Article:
You can use the Google Fonts website to download the required fonts files and upload the files to the ‘/fonts’ directory of your website. After that, you will need to modify your website’s HTML files to use the correct font URLs. To do this, you need to know a little HTML kung-fu.

These GDPR problems are common and exist on many websites.

For Privacybunker, our first tool was a simple cookie banner. The first version had only the “Accept” button. After some Google research, it turned out that one button is illegal for GDPR. Companies were getting fines for that. Displaying a cookie banner with only one button like “Accept” or “Got it” is not legal. The point here is that a single button does not give your users the option to opt-out of unnecessary cookies.

So, we released a new version. This time with two buttons. One was “Accept” and another was “Reject”.

From the beginning, our cookie banner was calling external JavaScript only after the user was pressing on “Accept” button. External JavaScrip here can be a Google Analytics script or another external script. When working on our GDPR scanner tool - we found that most cookie banners are implemented incorrectly. Most websites load external JavaScripts on page load - making the “Accept” button to be worthless. Many companies are getting fines because of that.

Due to customer requests, we added a cookie settings screen. This screen allows the end-user to specify a group of cookies the user is ok with. For example to allow advertising cookies. These optional groups of cookies must be not pre-checked and it is a strict GDPR requirement.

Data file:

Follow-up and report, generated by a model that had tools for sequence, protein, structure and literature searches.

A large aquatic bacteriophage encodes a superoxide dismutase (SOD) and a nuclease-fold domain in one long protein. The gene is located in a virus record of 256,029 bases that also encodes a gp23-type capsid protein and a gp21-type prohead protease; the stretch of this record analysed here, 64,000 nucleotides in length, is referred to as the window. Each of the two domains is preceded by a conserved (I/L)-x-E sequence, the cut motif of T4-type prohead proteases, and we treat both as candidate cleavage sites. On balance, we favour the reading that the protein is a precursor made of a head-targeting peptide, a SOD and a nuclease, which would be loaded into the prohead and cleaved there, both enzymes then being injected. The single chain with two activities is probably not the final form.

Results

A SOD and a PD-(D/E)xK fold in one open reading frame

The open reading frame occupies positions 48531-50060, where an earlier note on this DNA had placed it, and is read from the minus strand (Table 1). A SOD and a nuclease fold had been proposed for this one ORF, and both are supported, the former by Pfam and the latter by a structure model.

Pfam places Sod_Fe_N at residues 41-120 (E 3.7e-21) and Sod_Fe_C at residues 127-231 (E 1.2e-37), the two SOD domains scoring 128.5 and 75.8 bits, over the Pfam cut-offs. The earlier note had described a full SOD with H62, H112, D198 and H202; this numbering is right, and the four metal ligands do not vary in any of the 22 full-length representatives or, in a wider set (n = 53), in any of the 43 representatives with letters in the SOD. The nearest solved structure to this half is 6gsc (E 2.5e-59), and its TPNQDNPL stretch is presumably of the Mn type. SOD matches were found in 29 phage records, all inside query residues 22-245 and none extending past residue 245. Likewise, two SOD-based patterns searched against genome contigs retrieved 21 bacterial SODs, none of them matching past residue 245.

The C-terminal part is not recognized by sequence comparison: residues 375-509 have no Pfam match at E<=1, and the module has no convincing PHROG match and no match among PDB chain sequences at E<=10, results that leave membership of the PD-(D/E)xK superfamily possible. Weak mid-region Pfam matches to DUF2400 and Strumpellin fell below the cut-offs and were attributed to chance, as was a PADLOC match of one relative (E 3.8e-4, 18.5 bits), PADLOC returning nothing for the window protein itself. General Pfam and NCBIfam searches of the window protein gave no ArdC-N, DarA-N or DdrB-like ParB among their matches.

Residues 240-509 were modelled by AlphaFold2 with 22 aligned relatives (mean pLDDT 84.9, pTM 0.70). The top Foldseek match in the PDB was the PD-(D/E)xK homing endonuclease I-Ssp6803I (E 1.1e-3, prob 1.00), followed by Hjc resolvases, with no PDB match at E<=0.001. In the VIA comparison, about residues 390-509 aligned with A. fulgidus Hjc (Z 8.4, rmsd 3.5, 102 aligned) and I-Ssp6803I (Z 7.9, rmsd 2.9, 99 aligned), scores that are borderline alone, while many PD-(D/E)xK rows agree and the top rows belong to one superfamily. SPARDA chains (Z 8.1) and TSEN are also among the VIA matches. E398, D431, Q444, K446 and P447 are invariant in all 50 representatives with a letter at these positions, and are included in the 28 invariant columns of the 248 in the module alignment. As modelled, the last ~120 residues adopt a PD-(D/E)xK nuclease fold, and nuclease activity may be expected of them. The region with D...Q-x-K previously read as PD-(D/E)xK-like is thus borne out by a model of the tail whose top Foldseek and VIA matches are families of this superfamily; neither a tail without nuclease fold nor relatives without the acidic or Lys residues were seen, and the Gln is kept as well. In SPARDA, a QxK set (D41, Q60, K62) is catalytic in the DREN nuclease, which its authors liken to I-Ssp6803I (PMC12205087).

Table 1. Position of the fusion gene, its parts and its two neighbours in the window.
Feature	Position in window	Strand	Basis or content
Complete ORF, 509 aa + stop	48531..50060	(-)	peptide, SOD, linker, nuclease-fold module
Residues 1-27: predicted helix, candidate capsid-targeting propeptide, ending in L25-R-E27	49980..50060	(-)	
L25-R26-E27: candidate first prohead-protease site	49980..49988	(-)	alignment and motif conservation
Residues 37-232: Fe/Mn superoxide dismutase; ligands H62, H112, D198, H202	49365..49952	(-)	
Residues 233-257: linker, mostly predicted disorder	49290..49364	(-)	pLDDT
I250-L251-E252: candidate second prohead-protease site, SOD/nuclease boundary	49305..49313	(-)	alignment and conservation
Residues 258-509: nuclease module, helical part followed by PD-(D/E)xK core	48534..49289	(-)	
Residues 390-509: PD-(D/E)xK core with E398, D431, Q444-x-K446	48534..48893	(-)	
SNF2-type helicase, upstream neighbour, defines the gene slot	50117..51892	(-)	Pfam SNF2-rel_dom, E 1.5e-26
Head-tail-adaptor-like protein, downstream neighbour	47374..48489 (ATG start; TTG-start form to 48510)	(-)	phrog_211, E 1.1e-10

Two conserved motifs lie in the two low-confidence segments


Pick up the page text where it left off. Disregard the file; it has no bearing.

The 3rd step is to be prepared to execute user data access requests.

Some of your customers can send you personal information requests. In GDPR they are called Data Subject Access Request - DSAR. So, when getting DSAR, at first, you need to check your user identity. You must have a procedure in place to retrieve customer personal records from your internal database and from external cloud services. You then need to create a personal data report and send that report back to the user.

For example, when receiving a forget-me request from a customer, you need a way to validate the user identity. You need to be ready to remove or anonymize your customer’s personal records from your internal databases. You need to be prepared to remove user records from cloud services like HubSpot, MailChimp, GetResponse, etc…